Planetary Health and Food
The Way to your Wellbeing is through your Stomach
Planetary Health describes an integrated and holistic understanding of health and wellbeing that is concerned with the complex interrelationships between the health of individuals, public health, and the state of the natural systems on which it depends.
The DBU-funded project ‘Planetary Health - Public Engagement for Planetary Health’ opens up new ways for a sustainable transformation of our food systems and consumption behaviour. However, the necessary support and willingness to make adjustments to existing eating habits and food systems will only become possible through knowledge co-production and the involvement of businesses, farmers, and policy makers.
The goal of our project is to provide guidelines for various stakeholder groups that will lay the groundwork for planning and implementing public engagement activities for healthy eating habits in line with the Planetary Health paradigm.
Mission: Why you Should Care
The Earth does not need us, but it is the very basis of our existence. The planet provides us with essential resources such as water, fertile soils, and oxygen. However, our often-thoughtless actions cause the Earth's ecosystem to become unbalanced, leading to a loss of biodiversity and shrinking habitats.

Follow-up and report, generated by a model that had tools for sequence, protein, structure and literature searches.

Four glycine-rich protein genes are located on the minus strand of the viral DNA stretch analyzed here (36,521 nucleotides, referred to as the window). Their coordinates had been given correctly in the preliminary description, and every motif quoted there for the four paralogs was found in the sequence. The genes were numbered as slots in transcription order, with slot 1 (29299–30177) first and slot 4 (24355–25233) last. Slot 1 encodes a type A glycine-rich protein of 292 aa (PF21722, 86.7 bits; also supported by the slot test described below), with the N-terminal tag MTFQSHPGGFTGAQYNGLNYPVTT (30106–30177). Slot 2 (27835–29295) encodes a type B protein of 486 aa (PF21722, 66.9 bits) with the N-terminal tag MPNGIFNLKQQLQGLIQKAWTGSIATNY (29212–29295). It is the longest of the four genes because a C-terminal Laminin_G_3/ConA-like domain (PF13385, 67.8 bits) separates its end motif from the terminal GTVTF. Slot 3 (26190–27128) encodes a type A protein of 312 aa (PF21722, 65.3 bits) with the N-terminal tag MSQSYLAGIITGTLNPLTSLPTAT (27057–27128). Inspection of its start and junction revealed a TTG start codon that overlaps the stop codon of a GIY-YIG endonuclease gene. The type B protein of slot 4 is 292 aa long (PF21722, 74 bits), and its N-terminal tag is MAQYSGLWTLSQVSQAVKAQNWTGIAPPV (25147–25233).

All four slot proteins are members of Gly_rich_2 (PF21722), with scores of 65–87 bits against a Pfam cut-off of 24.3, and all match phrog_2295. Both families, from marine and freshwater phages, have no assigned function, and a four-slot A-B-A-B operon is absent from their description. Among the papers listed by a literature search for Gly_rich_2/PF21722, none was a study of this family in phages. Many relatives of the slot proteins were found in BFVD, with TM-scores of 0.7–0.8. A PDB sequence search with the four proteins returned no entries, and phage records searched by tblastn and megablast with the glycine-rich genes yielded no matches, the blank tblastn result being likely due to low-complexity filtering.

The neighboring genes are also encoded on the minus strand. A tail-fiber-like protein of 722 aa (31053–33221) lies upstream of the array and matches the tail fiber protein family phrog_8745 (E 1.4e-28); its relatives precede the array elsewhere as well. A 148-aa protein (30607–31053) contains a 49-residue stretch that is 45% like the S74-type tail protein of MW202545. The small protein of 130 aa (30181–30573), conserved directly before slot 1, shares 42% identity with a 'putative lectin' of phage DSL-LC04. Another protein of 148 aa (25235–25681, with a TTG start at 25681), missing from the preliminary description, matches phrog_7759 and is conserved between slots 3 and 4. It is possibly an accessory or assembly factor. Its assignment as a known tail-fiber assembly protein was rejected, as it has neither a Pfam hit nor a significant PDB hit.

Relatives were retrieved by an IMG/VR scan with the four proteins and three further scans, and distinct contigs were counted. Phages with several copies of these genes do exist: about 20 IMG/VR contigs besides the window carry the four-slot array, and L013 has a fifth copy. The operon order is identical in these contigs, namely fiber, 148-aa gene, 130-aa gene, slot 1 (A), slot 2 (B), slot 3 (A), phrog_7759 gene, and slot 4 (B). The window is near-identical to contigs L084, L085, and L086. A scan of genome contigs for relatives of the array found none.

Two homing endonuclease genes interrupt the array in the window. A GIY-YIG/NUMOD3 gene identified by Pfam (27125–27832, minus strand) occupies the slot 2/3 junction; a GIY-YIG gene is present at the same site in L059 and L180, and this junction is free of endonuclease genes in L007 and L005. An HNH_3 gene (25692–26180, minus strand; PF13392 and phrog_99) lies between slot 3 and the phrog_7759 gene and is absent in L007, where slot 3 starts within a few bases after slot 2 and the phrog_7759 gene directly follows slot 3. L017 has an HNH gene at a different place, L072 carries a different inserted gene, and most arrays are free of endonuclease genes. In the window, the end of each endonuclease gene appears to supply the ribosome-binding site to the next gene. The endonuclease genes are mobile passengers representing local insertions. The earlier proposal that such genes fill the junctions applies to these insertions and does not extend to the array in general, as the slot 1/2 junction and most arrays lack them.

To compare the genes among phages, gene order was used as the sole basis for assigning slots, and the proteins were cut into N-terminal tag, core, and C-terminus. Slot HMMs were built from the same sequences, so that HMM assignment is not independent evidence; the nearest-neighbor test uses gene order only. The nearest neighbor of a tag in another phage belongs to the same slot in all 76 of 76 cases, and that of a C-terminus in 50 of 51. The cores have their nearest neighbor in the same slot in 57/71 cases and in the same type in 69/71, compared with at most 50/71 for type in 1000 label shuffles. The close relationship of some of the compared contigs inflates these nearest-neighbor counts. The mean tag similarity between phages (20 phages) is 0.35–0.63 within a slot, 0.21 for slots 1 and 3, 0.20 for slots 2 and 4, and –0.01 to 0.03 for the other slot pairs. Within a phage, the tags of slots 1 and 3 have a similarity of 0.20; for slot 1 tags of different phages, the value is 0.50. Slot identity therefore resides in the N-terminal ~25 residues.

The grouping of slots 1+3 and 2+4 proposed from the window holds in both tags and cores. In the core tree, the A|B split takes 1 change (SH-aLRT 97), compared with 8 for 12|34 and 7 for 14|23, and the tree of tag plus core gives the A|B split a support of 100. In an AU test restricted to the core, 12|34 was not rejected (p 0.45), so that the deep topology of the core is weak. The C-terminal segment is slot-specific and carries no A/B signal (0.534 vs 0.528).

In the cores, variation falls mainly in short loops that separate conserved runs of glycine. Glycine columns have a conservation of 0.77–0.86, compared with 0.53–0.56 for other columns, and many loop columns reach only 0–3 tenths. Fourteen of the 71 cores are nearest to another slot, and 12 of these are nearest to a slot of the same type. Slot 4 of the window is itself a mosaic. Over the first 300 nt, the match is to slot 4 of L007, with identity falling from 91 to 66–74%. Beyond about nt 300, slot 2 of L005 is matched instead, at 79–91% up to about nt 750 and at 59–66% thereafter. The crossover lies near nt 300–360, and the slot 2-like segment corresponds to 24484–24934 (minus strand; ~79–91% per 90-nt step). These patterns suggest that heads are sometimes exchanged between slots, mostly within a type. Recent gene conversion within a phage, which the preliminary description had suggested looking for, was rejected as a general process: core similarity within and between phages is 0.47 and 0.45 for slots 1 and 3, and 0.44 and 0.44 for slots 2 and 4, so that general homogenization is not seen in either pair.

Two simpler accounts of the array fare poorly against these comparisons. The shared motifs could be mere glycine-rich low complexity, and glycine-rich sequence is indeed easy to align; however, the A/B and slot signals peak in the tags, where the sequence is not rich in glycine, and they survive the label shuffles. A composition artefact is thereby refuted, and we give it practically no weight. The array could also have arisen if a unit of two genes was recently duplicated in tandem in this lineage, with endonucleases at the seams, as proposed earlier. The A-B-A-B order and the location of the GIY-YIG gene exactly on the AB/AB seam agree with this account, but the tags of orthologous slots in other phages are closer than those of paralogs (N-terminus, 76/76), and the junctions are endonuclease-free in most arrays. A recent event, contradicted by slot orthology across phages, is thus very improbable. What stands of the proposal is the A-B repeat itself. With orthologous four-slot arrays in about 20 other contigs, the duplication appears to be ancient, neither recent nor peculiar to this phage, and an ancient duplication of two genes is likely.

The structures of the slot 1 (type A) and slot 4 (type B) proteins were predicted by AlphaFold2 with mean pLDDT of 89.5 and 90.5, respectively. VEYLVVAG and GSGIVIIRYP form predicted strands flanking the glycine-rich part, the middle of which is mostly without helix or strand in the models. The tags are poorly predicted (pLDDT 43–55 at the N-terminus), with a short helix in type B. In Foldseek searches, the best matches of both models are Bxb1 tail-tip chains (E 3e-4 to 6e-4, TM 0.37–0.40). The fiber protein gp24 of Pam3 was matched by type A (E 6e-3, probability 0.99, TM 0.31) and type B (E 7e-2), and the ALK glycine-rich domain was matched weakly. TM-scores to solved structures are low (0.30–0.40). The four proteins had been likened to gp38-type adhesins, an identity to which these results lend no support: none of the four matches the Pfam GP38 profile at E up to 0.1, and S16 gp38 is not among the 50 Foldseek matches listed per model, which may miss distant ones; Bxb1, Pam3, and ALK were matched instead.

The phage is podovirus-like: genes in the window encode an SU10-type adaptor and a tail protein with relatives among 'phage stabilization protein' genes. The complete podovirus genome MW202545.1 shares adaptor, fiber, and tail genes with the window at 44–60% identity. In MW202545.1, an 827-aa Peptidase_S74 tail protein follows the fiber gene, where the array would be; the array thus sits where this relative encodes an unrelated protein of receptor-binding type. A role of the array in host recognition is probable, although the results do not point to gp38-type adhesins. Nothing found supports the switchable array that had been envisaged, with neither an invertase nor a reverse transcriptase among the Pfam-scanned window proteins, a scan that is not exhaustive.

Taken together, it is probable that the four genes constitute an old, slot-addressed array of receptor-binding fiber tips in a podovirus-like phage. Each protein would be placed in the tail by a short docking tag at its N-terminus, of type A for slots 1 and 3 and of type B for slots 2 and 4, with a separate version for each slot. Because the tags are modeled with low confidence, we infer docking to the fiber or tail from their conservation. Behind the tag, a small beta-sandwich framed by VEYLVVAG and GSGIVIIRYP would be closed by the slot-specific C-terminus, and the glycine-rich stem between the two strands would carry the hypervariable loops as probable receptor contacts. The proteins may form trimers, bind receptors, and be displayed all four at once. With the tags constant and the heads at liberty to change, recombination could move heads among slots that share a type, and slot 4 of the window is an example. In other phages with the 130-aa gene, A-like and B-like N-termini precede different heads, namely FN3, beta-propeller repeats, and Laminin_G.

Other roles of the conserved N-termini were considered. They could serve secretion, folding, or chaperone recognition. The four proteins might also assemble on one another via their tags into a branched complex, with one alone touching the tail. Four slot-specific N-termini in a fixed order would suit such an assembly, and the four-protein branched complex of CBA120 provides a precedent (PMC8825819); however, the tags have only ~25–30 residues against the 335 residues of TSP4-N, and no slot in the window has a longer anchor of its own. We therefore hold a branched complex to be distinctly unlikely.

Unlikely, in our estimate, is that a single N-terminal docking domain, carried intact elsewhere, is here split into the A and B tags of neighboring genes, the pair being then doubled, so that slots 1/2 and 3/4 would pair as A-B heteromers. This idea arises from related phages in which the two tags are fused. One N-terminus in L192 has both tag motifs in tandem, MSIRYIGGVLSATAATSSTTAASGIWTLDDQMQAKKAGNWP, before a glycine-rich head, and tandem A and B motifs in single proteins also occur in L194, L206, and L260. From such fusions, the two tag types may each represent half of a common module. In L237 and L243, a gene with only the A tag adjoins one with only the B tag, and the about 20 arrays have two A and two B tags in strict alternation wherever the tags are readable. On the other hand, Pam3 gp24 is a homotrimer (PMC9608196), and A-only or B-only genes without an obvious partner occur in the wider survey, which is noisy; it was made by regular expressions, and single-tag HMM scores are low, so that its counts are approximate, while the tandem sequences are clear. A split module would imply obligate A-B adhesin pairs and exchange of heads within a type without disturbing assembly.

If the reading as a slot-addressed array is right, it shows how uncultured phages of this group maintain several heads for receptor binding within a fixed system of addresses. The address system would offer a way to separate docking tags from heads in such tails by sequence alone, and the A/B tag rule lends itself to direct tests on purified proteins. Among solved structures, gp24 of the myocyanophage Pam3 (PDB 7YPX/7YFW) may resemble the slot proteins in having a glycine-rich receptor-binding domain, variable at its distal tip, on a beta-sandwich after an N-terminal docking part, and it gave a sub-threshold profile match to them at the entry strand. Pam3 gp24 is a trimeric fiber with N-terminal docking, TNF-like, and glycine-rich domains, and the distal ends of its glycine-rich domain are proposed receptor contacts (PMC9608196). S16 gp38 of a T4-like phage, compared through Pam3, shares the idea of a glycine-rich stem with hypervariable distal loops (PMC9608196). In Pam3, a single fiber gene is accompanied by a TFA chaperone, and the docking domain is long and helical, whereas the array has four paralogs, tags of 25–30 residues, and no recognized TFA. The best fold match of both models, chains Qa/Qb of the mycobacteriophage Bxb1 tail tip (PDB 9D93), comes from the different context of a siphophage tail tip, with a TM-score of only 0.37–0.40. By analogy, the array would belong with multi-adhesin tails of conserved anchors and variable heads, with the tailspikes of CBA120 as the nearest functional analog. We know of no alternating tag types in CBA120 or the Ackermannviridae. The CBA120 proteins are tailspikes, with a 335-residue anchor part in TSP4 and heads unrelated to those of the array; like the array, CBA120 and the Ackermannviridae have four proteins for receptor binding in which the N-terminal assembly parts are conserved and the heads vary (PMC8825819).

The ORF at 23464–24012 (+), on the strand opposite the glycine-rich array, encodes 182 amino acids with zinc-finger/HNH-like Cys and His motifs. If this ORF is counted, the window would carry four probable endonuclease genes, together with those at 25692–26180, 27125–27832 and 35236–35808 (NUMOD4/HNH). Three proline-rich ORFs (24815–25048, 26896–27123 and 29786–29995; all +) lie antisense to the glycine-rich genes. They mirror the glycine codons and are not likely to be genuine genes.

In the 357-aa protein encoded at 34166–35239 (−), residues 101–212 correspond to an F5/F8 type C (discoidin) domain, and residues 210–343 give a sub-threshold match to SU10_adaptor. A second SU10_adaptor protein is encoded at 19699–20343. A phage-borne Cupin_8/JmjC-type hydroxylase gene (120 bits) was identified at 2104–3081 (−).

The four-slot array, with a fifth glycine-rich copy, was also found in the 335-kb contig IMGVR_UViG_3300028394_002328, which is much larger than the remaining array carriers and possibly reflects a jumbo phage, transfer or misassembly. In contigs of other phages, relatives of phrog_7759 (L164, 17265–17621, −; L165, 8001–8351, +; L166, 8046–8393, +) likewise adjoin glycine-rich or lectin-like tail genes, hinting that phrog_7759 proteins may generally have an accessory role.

Agriculture is one of the main drivers of environmental destruction. The food sector is currently responsible for c. 30% of global energy consumption and c. 40% of greenhouse gas emissions. As our diet not only has a significant impact on our health but also on the health of the planet, healthy nutrition and sustainable food systems play a key role in safeguarding and preserving all life on Earth.
The Natural History Museum Berlin aims to develop long-term solutions to global challenges such as biodiversity loss, climate change, health, and sustainability. Addressing these challenges requires the rethinking and redesign of outdated relationships and hierarchies between science, society, industry, and politics. Even more importantly, it requires a new mode of knowledge production that integrates different perspectives, ideas, experiences, expertise, and competencies from a wide range of diverse interest groups.
Our practice-oriented research project builds on this premise. Through a variety of Public Engagement activities and methods, we aim to stimulate and facilitate interaction and collaboration between researchers and actors beyond the reach of academic research. Our team is based at the Natural History Museum Berlin and collaborate closely with our partners Charité Berlin and Oxford in Berlin.